Recent research related to NRTs, has indicated that smokers who use higher doses of nicotine are more likely to quit than those using lower doses
“We’ve seen tobacco use among youth go down over the last decade, it’s now starting to go back up because of e-cigarettes,” said Dr. Jerome Adams. “It’s a fundamentally different product we have compared to the e-cigarettes of old,” he said.
Adams said that the fact that modern devices contain more nicotine is problematic. “It delivers much more nicotine, and we’re hearing from high school principals and from parents that kids out there now are becoming, rapidly becoming addicted to these products, so I’m worried the numbers are going to get worse this year.”
Meanwhile, a recent review of research related to NRTs, has indicated that smokers who use higher doses of nicotine are more likely to quit than those using lower doses. The review also found that some smokers may benefit from using two forms of NRT rather than one.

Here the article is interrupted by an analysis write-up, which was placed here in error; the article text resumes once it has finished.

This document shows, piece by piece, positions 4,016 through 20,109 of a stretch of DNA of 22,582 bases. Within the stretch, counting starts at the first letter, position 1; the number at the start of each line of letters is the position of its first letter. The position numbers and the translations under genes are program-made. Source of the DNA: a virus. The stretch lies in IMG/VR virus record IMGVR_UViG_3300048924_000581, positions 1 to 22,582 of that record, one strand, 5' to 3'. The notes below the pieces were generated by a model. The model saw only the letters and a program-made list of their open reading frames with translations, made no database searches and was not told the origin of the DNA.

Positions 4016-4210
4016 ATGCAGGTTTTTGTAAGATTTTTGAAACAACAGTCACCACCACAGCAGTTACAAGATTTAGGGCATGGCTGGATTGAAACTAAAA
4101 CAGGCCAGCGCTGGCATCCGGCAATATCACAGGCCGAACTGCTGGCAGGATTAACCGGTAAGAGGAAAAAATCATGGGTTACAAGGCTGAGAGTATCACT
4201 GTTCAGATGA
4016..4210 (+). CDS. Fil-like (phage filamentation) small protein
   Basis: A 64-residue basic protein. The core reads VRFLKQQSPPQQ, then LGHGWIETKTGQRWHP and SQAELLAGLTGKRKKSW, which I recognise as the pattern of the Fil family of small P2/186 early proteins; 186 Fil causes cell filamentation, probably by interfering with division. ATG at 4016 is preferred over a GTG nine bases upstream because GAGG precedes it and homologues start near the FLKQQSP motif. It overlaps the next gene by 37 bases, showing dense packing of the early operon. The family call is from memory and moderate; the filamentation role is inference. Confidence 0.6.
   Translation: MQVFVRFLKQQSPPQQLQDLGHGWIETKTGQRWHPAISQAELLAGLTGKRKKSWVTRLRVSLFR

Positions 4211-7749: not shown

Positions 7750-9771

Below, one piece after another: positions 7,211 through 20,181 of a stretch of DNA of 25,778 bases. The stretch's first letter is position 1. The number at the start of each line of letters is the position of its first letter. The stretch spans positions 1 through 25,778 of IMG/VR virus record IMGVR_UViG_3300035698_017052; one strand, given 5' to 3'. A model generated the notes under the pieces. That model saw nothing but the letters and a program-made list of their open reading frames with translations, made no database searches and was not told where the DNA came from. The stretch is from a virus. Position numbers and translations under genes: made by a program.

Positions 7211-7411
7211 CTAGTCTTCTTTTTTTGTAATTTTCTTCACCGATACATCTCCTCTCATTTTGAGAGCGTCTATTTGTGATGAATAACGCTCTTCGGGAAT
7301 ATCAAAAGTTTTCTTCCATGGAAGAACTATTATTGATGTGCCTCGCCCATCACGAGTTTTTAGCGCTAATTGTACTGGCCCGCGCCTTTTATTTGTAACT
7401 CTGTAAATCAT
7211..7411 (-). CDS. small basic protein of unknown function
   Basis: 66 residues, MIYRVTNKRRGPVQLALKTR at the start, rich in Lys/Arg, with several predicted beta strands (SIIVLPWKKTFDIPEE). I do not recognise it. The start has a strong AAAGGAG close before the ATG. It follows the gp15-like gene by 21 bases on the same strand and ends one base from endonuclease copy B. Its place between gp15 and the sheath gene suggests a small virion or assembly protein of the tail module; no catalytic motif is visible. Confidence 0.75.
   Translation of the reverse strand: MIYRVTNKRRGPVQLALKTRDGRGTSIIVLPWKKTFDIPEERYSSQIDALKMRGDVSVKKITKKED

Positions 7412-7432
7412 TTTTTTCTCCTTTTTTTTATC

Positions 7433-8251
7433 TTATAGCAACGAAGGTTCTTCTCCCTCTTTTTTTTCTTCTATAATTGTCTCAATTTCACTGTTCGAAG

Higher levels of nicotine increase chances of quitting
A recent study by researchers at Queen Mary University of London indicated similar findings. The researchers followed 50 smokers in a tobacco dependence clinic in Argentina, as they tried to quit smoking. This was the first study to tailor nicotine dosing according to smokers’ choices as they try to quit, and the results suggested that most smokers using stop-smoking medications can tolerate doses that are up to four times higher than the ones recommended.
Thankfully, the Surgeon General recognises that e-cigarettes are successfully used by many to quit smoking, and that therefore caution must be exercised when implementing bans. “I’m worried that if we don’t really lean into it, then it’s going to limit adult access to these products among people who were smoking and using them to quit,” he said.
Read Further: The Hill